Dwight Watt - Newspaper Article #412 4/11/2018

Question: Is honorsociety.org (claims to be Honor Society) legitimate?


You may have gotten emails from a group called The Honor Society (has url of honorsociety.org)or know students that have gotten these emails. This group does not appear to be an honorable honor society. When I researched them they do exist in Washington DC but beyond that not recognizable.

They sent me an email and told me I qualify to be a member and get their recognition. It just came the first week of April 2018. I completed my last degree in 1989. The announcement had no indication of what college had nominated me. Looking further into them I do not see any college that officially recognizes them as an honor society or organization at their college.

There are lots of honorable honor societies that recognize outstanding students for their overall grades in colleges or for work in various departments. If you are nominated for these you will be notified by your college along with possibly the group. Some are active organizations at the colleges performing service.

Quite often you do need to pay to belong to them but some are free. The advantages of these are that employers and other education institutions will recognize them as achievements on your part. My recommendation if you get a email from Honor Society (honorsociety.org) is to hit delete. However if you have information that I do not that this is a reputable group and recognized buy a college let me know and I will further research and publish an update. Reputable who’s who group will list people for free but charge for books and possibly certificates.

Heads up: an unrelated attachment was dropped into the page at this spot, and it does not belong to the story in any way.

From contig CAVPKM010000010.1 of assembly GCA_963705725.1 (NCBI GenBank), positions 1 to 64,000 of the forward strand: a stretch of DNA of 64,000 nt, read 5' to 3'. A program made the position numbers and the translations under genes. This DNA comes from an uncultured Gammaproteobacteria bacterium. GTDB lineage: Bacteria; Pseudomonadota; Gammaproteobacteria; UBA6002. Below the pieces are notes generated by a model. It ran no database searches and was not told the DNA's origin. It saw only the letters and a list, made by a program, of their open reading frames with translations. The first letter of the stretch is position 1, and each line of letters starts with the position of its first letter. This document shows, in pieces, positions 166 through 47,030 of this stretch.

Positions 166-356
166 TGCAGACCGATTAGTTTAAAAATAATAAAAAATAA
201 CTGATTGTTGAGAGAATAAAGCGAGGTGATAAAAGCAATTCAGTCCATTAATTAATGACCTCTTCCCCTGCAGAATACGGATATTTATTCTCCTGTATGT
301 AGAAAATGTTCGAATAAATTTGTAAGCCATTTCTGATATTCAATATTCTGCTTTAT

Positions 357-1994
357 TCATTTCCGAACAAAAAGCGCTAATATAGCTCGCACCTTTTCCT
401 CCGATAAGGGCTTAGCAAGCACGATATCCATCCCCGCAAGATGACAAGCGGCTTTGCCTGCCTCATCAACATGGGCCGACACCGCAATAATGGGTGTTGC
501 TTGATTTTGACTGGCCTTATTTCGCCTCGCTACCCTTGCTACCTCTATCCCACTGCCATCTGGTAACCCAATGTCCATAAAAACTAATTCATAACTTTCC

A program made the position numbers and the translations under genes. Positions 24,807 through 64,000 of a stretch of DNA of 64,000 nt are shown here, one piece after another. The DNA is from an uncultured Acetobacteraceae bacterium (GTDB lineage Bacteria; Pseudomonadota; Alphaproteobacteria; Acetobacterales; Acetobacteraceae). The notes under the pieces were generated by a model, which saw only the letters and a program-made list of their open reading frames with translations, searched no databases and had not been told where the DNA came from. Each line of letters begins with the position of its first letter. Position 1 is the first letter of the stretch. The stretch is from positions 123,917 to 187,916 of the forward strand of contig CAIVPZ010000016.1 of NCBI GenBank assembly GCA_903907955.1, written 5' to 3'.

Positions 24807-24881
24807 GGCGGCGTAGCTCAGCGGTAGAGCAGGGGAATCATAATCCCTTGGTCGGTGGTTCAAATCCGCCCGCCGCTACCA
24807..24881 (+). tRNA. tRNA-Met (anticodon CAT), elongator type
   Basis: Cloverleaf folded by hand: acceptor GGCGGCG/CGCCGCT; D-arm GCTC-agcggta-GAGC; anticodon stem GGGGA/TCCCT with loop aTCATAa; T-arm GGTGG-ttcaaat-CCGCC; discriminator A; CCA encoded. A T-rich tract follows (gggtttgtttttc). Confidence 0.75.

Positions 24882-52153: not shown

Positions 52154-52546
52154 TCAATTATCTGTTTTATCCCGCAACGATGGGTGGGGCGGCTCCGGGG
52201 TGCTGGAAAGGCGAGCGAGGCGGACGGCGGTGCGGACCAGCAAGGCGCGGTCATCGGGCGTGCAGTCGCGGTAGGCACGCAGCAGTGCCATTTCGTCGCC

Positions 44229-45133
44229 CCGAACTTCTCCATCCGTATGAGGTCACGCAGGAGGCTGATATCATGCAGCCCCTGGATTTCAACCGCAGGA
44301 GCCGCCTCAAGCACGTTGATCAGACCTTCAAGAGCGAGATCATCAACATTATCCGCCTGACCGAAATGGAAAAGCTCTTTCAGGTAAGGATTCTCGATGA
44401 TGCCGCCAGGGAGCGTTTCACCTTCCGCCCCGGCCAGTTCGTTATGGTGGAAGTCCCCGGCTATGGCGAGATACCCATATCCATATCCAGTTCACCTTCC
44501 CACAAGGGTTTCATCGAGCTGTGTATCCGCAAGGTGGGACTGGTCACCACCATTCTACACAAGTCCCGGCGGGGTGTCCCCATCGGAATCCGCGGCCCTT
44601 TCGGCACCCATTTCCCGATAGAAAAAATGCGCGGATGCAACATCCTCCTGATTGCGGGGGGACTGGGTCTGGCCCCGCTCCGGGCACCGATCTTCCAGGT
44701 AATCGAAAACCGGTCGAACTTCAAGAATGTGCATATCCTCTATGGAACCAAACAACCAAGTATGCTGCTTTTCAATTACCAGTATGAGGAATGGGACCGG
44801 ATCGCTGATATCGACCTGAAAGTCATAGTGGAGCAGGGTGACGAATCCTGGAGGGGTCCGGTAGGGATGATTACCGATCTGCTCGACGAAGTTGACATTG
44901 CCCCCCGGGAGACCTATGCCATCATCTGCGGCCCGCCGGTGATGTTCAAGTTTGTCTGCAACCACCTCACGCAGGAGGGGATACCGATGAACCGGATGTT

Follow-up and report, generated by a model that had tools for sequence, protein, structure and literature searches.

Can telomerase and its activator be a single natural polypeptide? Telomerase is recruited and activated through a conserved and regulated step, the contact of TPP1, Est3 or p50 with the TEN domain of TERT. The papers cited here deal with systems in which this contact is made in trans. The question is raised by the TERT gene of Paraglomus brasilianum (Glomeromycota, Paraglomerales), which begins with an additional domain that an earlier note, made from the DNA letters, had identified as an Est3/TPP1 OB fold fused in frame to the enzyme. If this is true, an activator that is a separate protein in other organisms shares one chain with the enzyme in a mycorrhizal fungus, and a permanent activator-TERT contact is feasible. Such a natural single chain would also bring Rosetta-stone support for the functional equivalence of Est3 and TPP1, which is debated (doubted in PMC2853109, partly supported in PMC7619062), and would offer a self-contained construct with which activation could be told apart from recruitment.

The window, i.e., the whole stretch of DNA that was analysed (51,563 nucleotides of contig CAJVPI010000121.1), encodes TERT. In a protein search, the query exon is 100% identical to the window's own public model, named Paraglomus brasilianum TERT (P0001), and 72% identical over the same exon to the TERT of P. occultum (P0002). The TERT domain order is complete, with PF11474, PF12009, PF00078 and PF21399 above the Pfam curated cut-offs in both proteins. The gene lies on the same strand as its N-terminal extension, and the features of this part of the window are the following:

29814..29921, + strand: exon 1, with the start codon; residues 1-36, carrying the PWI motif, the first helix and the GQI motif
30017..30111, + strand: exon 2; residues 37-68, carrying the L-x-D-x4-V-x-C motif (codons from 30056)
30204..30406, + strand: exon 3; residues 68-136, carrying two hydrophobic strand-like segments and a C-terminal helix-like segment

I put them in the same group as companies that email, phone or put a large popup on your screen and tell you that your computer has problems and to call them and they can fix it. Some will appear to be from Microsoft (a red screen popup that has appeared on my screen recently fits here) and are not connected to Microsoft. Before contacting any of them first do a little research: including searching the phone number on the Internet and asking computer people you know. If you call them they may be stealing credit card numbers or identities. Also if you give them access to your computer they will not help it but load it with spyware and viruses. They cannot know stuff is wrong with your computer to issue warnings or know how to call or email.

An exception to the above on warnings about problems is if you have a legitimate program on your machine that cleans or fixes it will tell you, however it will also tell you who they are and not expect you to call them. Couple of these are ccleaner and Avast that I use and see notices occasionally that I need to clean something.